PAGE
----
# Counting from 0 to a number and back to zero, and space-padding the result to be a given length

I completed a task: The objective was to create a method with 2 arguments: a number to count to, and how many char/numbers in the resulting string.

Result: Let's say that "number" is 5, so it will count: 01234543210 BUT it will also add spaces to the sides to complete the 2nd requirement "lenght", so if long is 15, the result would be " 01234543210 " with 2 spaces to each side (always same quantity of space each side) So i wrote this piece of code, but other coder told me that he used half the lines I did.

There were many assumptions in the code, like the fact that lenght is > than number or that if number is an odd number, lenght is odd too.

So my question would be, can this code be reduced (refactored?) (I just have one month of experience in Java, so be hard but understanding.)

public static void counter(int number, int lenght) {
int numberFull=(number*2)+1;
int spaceFull=lenght-numberFull;
int space=spaceFull/2;
for (int a=1;a<=space;++a)
{System.out.print(" ");}
for (int x=0;x<=number;x++)
{System.out.print(x);}
for (int y=number-1;y>=0;y--)
{System.out.print(y);}
for (int b=1;b<=space;++b)
{System.out.print(" ");}
}

• Can number ever be greater than 9? – 200_success Apr 29 '16 at 10:38
• "You can assume the method parameter length is a positive odd integer and is always greater than or equal the length of the digit sequence to be printed. You can also assume that the method parameter number can only take values from 0 to 9." – Nooblhu Apr 29 '16 at 10:41

## 2 Answers

You can simplify the logic that prints the numbers going from 0 to number anc back to 0.

They are: number - Math.abs(number - x). Let's explain why. With the number 5, the wanted output is:

01234543210


As a pre-requisite, let's consider the (simpler) output

54321012345


We want to model that with a single variable x going from 0 to 2 * number. Clearly, there are 2 paths: one decreasing and one increasing.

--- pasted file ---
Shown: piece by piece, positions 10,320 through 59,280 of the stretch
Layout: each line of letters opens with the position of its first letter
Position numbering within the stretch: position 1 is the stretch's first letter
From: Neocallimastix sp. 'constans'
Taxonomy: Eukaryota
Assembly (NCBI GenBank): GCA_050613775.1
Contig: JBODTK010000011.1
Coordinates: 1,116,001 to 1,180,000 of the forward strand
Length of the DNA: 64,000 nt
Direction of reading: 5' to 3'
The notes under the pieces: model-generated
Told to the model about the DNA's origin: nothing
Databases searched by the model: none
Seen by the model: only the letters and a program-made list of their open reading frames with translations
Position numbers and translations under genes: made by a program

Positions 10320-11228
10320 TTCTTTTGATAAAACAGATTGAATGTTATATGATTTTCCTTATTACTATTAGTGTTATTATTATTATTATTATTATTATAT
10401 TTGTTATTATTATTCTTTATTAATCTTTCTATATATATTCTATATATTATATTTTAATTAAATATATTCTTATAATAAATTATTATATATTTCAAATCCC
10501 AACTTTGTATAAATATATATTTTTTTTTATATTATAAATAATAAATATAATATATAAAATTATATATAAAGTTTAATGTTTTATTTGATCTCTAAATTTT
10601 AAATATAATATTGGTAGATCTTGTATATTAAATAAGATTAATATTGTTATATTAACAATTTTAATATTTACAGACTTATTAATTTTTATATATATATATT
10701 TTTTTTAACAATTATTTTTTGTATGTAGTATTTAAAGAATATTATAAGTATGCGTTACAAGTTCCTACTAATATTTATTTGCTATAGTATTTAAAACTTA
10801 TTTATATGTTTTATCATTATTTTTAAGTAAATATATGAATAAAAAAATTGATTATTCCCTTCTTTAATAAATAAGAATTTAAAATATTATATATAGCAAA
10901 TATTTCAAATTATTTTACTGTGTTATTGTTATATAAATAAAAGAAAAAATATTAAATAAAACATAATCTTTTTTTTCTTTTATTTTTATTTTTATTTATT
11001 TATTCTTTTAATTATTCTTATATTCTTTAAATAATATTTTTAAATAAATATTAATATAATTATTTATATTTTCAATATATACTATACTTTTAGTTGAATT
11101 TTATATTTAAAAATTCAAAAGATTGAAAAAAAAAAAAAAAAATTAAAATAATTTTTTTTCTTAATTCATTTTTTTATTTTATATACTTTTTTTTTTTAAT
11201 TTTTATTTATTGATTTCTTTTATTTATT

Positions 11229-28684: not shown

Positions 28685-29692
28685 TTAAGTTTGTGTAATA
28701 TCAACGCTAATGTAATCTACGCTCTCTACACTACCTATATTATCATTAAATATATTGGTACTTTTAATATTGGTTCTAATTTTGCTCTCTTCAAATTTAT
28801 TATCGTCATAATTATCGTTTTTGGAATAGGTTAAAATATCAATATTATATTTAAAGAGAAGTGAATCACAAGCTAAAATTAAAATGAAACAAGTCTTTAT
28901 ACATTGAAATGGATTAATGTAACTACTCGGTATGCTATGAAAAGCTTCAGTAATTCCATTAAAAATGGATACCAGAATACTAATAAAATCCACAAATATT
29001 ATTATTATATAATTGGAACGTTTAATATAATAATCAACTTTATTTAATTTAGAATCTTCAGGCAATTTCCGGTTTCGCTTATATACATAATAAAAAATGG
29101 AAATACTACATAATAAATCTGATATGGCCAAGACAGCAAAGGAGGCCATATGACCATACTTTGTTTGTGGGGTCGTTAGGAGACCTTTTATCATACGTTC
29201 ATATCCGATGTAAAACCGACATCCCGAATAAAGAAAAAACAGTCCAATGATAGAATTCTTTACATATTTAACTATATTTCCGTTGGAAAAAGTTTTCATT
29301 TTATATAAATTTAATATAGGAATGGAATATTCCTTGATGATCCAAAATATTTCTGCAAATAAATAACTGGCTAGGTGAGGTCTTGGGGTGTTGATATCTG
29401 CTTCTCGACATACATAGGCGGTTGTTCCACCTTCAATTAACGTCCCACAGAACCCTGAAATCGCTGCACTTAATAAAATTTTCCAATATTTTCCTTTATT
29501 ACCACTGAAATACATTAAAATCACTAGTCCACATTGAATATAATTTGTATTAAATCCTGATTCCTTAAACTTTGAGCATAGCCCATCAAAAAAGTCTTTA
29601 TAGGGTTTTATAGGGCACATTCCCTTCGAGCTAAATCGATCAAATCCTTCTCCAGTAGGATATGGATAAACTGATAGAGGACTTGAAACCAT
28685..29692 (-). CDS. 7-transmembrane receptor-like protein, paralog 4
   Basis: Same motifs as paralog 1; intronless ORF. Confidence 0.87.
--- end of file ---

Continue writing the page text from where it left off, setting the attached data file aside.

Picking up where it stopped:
5   4   3   2   1   0   1   2   3   4   5
value of x           0   1   2   3   4   5   6   7   8   9   10
value of 5 - x       5   4   3   2   1   0  -1  -2  -3  -4  -5
value of abs(5 - x)  5   4   3   2   1   0   1   2   3   4   5  <-- output


Now that we have that, it is clear that our real wanted output is simply 5 minus that one, i.e. number - Math.abs(number - x).

Putting this into code:

public static void counter(int number, int length) {
int space = (length - number * 2 + 1) / 2;
for (int a = 0; a < space; a++) {
System.out.print(" ");
}
for (int x = 0; x <= number * 2; x++) {
System.out.print(number - Math.abs(number - x));
}
for (int b = 0; b < space; b++) {
System.out.print(" ");
}
}


Other comments:

• Add spaces before each operator, it adds to readability.
• Don't use a mixed form of curly braces and single line statement. Either add curly braces everywhere and then have a proper line break or make it a single line without them.
• There is no need to store into local variables when you only use it once. In this case having numberFull and spaceFull don't really add to clarity and it is much simpler to have int space = (length - number * 2 + 1) / 2;.
• There is no validation on the number and the count of spaces. You might want to add some.
• Instead of letting the counter method print the String directly, it would be better to let it build the String and return it. The caller can then decide to print it or not. For that, take a look at the StringBuilder class.

### Typos

lenght should be length. :)

### Braces and whitespacing

Please be consistent in your braces style, even for one-liners. As such,

for (int a=1;a<=space;++a)
{System.out.print(" ");}


Should look like this:

// note the extra whitespaces
for (int a=1; a<=space; ++a) {
System.out.print(" ");
}


### for-iteration conditions

Somewhat along the same lines as the previous point, you can consider counting up in your whitespace for-loops using the same style as you do for the numbers:

for (int a=0; a<space; a++) {
System.out.print(" ");
}


### Calculating padding

Storing your results as an int means that you are also doing integer divisions for (length - numberFull) / 2. You will need to add 1 more whitespace (start? end?) to fulfill your requirements, or can it be assumed that length will always be an odd number?

### Validation

You also do not validate whether $number < 0$, it'll be nice if you have done so. :)